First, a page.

Growing up Chinese American is hardly a unique experience, but for Jenny Dorsey, founder and chef of Studio ATAO, it served as a source of inspiration for her current exhibition and culinary presentation Asian In America. A New York-based professional chef, writer, and artist, Dorsey uses immersive dining formats and multiplatform storytelling, including virtual reality, visual art, poetry, and dance, to present experiences that encourage conversation and social discussion about issues of race, gender, history, and culture.
In early 2018 Dorsey came up with the idea to integrate a plated dinner event with a discussion about the Asian American experience. The result was Asian in America: a six course dining experience and exhibition that discusses Asian American identity through food and drink, virtual reality, and poetry. Each course highlights the meaning behind the choice of ingredients, preparation, and presentation. The exhibition lets diners meditate on their own upbringing and heritage, and creates a safe haven for them to have a conversation and bond over shared experiences.
As a first-generation Asian American who cares about how that demographic is perceived, Dorsey understands the importance of making an effort to break out of the uni-dimensional stereotype into which American society reflexively boxes minorities. “Society limits the personalities minorities are ‘allowed’ to have,” she once observed in an article on Medium, “I struggled with being what felt like the perpetual bystander having no control over how my culture or identity was interpreted. It was not up to me to decide what was ‘right’ or ‘acceptable,’ only to accept the verdict and its consequences.”
Feelings of helplessness, self-consciousness, and shame have a significant effect on minority experiences. These feelings of vulnerability have an insidious way of keeping people locked into a role, often on a subconscious level. It is this deeper psychology that Dorsey works to tap into in her exhibitions because it hits at something everyone can relate to. “Being vulnerable is the crux of who we are as humans,” she explains, “It’s so important to be willing to assess yourself with all the scars that you have and still be able to say, ‘I am proud of who I am, even though I may not be proud of all the decisions I’ve made.’”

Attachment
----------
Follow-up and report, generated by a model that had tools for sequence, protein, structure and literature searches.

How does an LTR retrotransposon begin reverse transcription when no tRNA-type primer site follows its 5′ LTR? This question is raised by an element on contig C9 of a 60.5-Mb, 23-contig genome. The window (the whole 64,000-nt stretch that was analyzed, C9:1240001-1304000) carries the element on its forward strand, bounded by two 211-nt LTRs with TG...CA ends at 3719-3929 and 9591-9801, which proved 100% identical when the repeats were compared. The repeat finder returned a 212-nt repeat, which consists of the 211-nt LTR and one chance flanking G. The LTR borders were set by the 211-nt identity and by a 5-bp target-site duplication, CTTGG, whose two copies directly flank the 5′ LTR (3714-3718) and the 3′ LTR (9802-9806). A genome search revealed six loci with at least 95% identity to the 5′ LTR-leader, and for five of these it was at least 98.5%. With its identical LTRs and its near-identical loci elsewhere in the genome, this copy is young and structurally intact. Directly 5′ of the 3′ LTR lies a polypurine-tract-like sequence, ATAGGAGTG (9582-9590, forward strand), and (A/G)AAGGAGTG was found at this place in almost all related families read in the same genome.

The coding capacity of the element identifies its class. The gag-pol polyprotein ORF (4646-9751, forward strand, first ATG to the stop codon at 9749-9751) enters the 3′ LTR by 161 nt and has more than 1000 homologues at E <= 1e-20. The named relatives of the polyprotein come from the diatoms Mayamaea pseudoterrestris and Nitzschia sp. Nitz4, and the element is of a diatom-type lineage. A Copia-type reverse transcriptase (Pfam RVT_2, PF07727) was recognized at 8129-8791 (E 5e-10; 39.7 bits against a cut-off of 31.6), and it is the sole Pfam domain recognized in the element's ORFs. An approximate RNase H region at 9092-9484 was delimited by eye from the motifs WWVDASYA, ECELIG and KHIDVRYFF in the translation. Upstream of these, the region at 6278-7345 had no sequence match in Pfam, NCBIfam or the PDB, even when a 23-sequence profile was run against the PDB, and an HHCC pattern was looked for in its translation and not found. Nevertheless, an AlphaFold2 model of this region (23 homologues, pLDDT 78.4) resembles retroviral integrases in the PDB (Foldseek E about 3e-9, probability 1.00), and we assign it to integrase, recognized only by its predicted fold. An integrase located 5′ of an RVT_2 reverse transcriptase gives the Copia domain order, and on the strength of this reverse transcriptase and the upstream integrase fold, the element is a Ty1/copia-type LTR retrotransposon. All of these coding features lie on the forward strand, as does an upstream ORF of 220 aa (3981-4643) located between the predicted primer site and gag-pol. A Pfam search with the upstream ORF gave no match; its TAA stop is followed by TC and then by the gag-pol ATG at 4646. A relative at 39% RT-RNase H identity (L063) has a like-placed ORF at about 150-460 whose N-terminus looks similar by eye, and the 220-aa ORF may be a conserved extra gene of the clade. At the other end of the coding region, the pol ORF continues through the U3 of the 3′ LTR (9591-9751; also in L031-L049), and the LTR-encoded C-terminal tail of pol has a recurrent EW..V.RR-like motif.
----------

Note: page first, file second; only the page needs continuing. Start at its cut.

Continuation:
For Dorsey, food is an excellent starting point for these deep cultural discussions; especially fine dining, which traditionally focuses on the beauty of the food with only a dash of back-story about the origins of the recipe. What she strives for is to move the food industry, and the conversation, toward something a lot deeper: to guide her audience to a place where they can feel safe enough to see themselves objectively and openly. In Dorsey’s words, “Most people don’t want to see every aspect of themselves, and that skews their vision of the world and leads to stereotyping.”
Dorsey has big plans for future projects. Her next exhibition, HIDDEN, is a virtual reality food and dance piece that explores cognitive dissonance and how people often see the world differently from how the world actually is. It is an organic continuation of her interest in the barriers people raise, barriers that ultimately impact how they live and interact with other people. She is also in the early stages of organizing a project exploring female pain and how the history of the world has been built on that pain, particularly the societal phenomenon of women being expected to desire or gloss over things like the biological pain associated with fertility and childbirth, or the self-imposed culturally based pain of fashions like foot binding and stiletto heels.But in the meantime, Asian in America continues as the flagship series for her studio and is slated to tour various museums and galleries in 2019. Dorsey hopes that her work can help the Asian American community and other minorities come together and see themselves in a different light, and also give her diners the ability to vocalize their own stories, growing an understanding that continues beyond the dessert course.
This article was written by Whitney Vendt for Studio ATAO, a nonprofit culinary production studio empowering artists to build one-of-a-kind live experiences. Whitney Vendt is a journalist and author in Los Angeles. She has been a staff writer for CSQ since 2013. Previously she wrote for the Annenberg Digital News and served as the fiction editor for the Southern California Review. Whitney has a Master of Professional Writing degree from USC and a degree in English from Kenyon College. She has worked on various National Geographic Channel shows, and has several short screenplays that have toured the national festival circuit. She is currently working on a novel for young adults.